On an autumn day in 2009 at the Winnebago County Courthouse in Oshkosh, Wisconsin, Ron Johnson took the stage in front of a crowd of hundreds of tea partiers. Johnson, a millionaire CEO of a successful plastics company in the state, was a political unknown. He had never run for office before and wasn’t particularly prominent in Wisconsin Republican circles. Yet here he was, sounding like a candidate and speaking alongside then–Tea Party grassroots icon Joe the Plumber.
“I’m here as a producer, and we’re under attack,” Johnson said during his speech. Johnson addressed what would become the core themes of his Senate candidacy: Democratic government would lead to the apocalypse; Obamacare is the worst single thing to ever be conceived anywhere in the universe; government spending was beyond out of control; career politicians had become the cancer killing America.
“What we don’t need is a bunch of politicians spending money they don’t have, trying to figure out new ways to tax us and, in their spare time, arrogantly attempting to take over the finest health care system in the world,” Johnson said in the same speech. “And now, in their efforts to convince us we need them to save our health care system, they are demonizing doctors and our health care providers.”
Bashing Obamacare was in high fashion among conservative grassroots and Tea Party types—and boy, did Johnson have just the story to tell. Johnson’s daughter Carey was born with a serious heart defect. She was saved by a team of doctors. His argument was that Obamacare would menace the health care system to such an extreme point that those doctors couldn’t have saved Carey if the law had been in effect. Obamacare, which was working its way through Congress at the time, “will destroy our health care system,” Johnson would tell Politico in a 2010 interview. “I am totally convinced of that.”
Spoiler alert: Obamacare didn’t wreck the American health care system. But Johnson’s spiel helped him appeal to tea partiers in Wisconsin, which helped him win the Republican nomination for Senate, putting him in an unusual spot. Johnson, a political novice, had never run for office and had few credentials and little experience—especially compared to then-Senator Russ Feingold, a 27-year veteran of Wisconsin and national Democratic politics. His speech was the beginning of a chain reaction of support. He won over radio host Charlie Sykes, who helped expand Johnson’s visibility. Then Johnson wowed activists at the state convention, which helped lead him to the nomination for a U.S. Senate seat—a rare rise for a first-time Senate aspirant.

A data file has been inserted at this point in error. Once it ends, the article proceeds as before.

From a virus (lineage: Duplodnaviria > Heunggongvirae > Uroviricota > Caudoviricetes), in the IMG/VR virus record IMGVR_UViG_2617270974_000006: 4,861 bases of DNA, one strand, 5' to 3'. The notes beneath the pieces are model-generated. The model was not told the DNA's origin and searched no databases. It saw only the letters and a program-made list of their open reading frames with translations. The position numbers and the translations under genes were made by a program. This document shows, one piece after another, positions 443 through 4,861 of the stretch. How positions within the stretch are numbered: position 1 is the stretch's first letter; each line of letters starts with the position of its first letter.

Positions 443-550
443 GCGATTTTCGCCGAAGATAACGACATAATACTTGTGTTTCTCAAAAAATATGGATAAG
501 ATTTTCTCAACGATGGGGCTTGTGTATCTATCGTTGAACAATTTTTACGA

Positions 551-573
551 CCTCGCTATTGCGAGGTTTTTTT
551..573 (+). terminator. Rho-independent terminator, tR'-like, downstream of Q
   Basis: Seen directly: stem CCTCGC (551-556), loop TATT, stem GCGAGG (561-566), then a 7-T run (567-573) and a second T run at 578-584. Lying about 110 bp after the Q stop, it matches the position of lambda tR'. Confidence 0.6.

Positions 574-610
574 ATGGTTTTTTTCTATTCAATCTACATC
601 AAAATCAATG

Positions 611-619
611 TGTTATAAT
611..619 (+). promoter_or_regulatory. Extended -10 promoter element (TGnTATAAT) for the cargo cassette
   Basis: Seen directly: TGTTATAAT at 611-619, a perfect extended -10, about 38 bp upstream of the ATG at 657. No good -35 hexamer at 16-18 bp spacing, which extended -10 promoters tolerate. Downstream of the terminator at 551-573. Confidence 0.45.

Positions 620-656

In 2008, Obama had wiped the floor with John McCain—by 14 points. Democrat Jim Doyle was beginning his second term as Wisconsin governor. Democrats took back the state legislature as well. It seemed unthinkable that anyone short of a seasoned politician who would appeal to both moderate Republicans and Democrats could compete against let alone defeat Feingold, on most issues a crusading liberal within his party.
But this was the 2010 campaign cycle, where the Republican grassroots energy eclipsed everything else. Feingold himself would admit throughout the campaign that his chances of reelection weren’t ideal. Johnson would capitalize on that hunger among the Tea Party base, arguing that he was a “citizen legislator” who abhorred politics, rather than a career politician. When the result came in, Johnson won by just under 5 percentage points.
Johnson benefited from the Tea Party wave in that first election. Six years later, most political operatives expected Democrats to pick up Senate seats—including Johnson’s, with Feingold running to retake it—and for Hillary Clinton to become president. But Donald Trump beat Clinton in Wisconsin, and Johnson fended off Feingold, this time by 3.4 points.
Now, 2022 is shaping up to be another good year for Republicans. Johnson has spent the last year in the Senate questioning the efficacy of vaccines amid a global pandemic, indulging in conspiracy theories about border security, and eschewing the traditional steps a candidate takes ahead of an election—as of this article’s writing, he hadn’t announced whether he would run for reelection, as most senators do.
But assuming Johnson runs, he’ll be doing so under pretty favorable conditions. Early indications are that Republicans will retake control of the House of Representatives and possibly the Senate, depending on the caliber of candidates running. True, Democrats have made gains in the state recently: Joe Biden beat Trump, they won back the governor’s mansion, and they grabbed a Senate seat now held by Senator Tammy Baldwin. But Johnson, with his wild conspiracies and constant troll-the-libs talk, is especially irksome to Democrats in Wisconsin and nationally. Indeed, it’s fair to say that, of all Senate GOP incumbents up for reelection next year, there’s none the Democrats would rather beat than Johnson.
I visited Wisconsin in early October. Driving past farms and small towns as the leaves were just beginning to turn brown and red, I saw very little hint in the bucolic scenery of the divided electorate that has driven close election outcomes and sometimes bitter political fights in the state. The current enmity goes back a decade now, to former GOP Governor Scott Walker’s contentious tenure. But the Badger State has always had a divided political soul: After archreactionary Senator Joe McCarthy died in 1957, the state’s voters elected the quite liberal William Proxmire to fill his seat.